Jewish World Review April 10, 2006 / 12 Nissan 5766
John H. Fund
Flirting With Disaster: Will 2006 be for Republicans what 1994 was for Democrats?
Democrats must be pinching themselves about their good fortune. Last week, the Republican Congress saw deals on budget reform, immigration reform and extending the Bush tax cuts all collapse within 24 hours.
House and Senate members went home empty-handed to face an increasingly surly electorate, nearly 70% of which now thinks the country is heading in the wrong direction. Both parties are viewed negatively by voters, but it's Republicans who are in charge and stand to lose the most in November elections. Some GOP strategists are making comparisons to how the Democrats appeared to come unglued just prior to their losing Congress in 1994.
Take the budget. The conservative base is furious over the complete failure of both President Bush and the GOP Congress to exercise spending restraint in areas that have nothing to do with defense of homeland security. On Friday Mr. Bush took the unusual step of challenging his party's congressional leaders. "If necessary, I will enforce spending restraint through the exercise of the veto," he told reporters. Sounds good, but in over five years Mr. Bush has never vetoed a bill. Few take his threats finally to do so now all that seriously.
Certainly Republican Arlen Specter doesn't. A famous advocate of pork-barrel spending, Sen. Specter is pushing a plan to spend $7 billion above and beyond Mr. Bush's spending requests for health and education. "The Republican Party is now principally moderate, if not liberal" on spending, Mr. Specter told reporters after a majority of GOP senators voted for his proposals last month.
Republicans should have learned from the reaction of their core voters to last fall's pork-stuffed transportation bill and the bloated Hurricane Katrina relief measure that excess spending was driving their base crazy. Earmarks home-state projects slipped into budget bills without adequate review or transparency became a dirty political word, led by the infamous $220 million Bridge to Nowhere in Alaska.
Even President Bush recognized the dangers of untrammeled earmarks. In January he used his State of the Union Address to warn Congress that "the federal budget has too many special-interest projects" and to issue a call for earmark reform. Conservative House members, led by Mike Pence of Indiana, Jeff Flake of Arizona and Jeb Hensarling of Texas, pressed the leadership to include reform in the budget resolution that was scheduled for a vote last week.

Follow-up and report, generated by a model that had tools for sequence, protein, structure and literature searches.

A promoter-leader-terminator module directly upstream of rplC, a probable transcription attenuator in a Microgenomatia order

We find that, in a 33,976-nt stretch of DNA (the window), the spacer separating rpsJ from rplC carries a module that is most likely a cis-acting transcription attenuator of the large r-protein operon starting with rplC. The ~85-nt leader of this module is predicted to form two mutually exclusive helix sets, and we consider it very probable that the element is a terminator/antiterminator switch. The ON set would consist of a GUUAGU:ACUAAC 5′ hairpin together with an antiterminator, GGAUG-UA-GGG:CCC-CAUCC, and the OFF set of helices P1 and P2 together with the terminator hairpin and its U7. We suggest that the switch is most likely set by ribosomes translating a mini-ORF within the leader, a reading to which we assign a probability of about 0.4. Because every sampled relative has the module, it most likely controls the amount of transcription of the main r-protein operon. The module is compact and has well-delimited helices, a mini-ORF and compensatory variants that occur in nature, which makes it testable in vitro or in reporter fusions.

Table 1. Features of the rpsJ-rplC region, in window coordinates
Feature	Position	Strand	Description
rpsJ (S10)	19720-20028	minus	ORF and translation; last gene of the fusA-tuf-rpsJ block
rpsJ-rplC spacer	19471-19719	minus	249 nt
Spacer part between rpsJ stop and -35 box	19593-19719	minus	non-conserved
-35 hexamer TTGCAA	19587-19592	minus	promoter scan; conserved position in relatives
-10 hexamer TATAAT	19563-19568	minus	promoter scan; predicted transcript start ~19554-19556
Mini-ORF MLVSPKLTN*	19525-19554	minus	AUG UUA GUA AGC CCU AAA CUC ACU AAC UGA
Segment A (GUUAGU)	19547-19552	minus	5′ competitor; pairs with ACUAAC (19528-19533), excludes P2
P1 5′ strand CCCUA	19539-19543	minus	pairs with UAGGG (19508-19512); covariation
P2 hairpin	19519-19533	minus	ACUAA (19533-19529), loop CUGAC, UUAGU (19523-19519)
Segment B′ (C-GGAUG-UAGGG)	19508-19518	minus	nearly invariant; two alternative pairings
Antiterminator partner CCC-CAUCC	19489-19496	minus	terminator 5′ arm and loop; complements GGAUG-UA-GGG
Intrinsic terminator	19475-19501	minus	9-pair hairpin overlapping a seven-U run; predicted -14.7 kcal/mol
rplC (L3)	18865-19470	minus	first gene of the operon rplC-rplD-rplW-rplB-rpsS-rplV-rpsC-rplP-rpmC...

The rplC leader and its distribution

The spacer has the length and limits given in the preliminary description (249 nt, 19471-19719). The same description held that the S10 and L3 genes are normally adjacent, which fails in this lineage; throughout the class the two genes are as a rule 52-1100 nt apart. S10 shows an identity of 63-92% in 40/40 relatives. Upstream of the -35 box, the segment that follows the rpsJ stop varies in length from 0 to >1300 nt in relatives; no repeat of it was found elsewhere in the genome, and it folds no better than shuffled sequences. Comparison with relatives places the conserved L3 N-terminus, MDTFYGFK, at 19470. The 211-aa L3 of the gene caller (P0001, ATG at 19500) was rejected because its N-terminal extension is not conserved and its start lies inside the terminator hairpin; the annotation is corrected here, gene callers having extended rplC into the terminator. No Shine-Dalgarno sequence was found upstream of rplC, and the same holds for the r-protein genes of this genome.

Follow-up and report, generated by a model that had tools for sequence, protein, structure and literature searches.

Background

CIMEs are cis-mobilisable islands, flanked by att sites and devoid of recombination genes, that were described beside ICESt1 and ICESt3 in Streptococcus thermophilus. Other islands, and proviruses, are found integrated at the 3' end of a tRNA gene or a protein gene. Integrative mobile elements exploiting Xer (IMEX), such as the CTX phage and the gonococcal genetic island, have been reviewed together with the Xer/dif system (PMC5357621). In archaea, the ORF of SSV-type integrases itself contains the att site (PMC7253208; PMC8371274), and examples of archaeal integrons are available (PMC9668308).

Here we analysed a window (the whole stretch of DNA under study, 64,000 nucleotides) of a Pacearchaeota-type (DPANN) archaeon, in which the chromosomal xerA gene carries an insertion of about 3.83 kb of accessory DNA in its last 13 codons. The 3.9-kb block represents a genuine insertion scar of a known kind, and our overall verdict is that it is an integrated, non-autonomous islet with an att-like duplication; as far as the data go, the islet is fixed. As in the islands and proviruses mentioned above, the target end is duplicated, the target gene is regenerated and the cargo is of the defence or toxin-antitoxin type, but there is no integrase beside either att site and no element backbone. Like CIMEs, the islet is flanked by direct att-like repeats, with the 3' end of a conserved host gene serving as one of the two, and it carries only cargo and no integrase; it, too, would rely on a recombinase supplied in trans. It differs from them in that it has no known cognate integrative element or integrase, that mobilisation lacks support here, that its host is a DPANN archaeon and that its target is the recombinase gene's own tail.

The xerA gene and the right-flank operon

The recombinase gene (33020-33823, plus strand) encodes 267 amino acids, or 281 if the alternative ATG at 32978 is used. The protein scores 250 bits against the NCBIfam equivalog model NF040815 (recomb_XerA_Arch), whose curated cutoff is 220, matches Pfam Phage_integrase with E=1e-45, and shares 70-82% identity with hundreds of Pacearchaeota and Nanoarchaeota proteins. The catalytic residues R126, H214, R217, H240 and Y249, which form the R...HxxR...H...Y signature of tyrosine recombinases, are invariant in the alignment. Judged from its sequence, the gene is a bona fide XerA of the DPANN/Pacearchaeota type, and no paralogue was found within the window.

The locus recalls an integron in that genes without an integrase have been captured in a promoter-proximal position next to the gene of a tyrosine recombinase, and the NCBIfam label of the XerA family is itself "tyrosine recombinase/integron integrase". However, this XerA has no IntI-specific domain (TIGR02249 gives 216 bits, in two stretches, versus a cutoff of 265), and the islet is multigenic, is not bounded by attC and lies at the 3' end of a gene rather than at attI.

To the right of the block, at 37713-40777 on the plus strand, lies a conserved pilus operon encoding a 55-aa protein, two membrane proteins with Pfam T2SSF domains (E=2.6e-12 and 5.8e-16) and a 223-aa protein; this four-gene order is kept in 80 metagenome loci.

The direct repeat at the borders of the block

After tough negotiations, a deal was finally struck between GOP leaders and the reformers. First, members would have to have their names attached to individual earmarks. Second, projects that had not been included in either House or Senate bills but were created out of conference reports negotiated between the two parties would be subject to a debate and vote on the House floor. Simple transparency and accountability, you would think.
But not to House Appropriations Committee chairman Jerry Lewis. "The appropriators deep-sixed it," Rep. Paul Ryan of Wisconsin told National Journal. "They're taking their toys and going home." Last Thursday at 6:20 p.m., Mr. Lewis's staff sent out an e-mail declaring that the reforms were unacceptable and trod on the prerogatives of the powerful committee, which is known as "Congress' favor factory."
In his email, Dave Gibbons, an Appropriations Committee staffer, told fellow committee staffers that Mr. Lewis "will NOT SUPPORT passage of the RULE and/or the BUDGET RESOLUTION tomorrow. He also requested that you inform your members of his position in this regard and asks that they likewise support the Committee." Mr. Lewis followed up with his own statement saying it was "unfortunate that the whims of a few would prevent the overwhelming majority of our members" from passing a budget.
"Lewis's move is political suicide for the party," one top GOP official told me. "He is putting his self-interest ahead of the GOP caucus, the party and the country. If the president and Speaker [Dennis] Hastert don't shut him down, then any pretense we are a reform party goes out the window."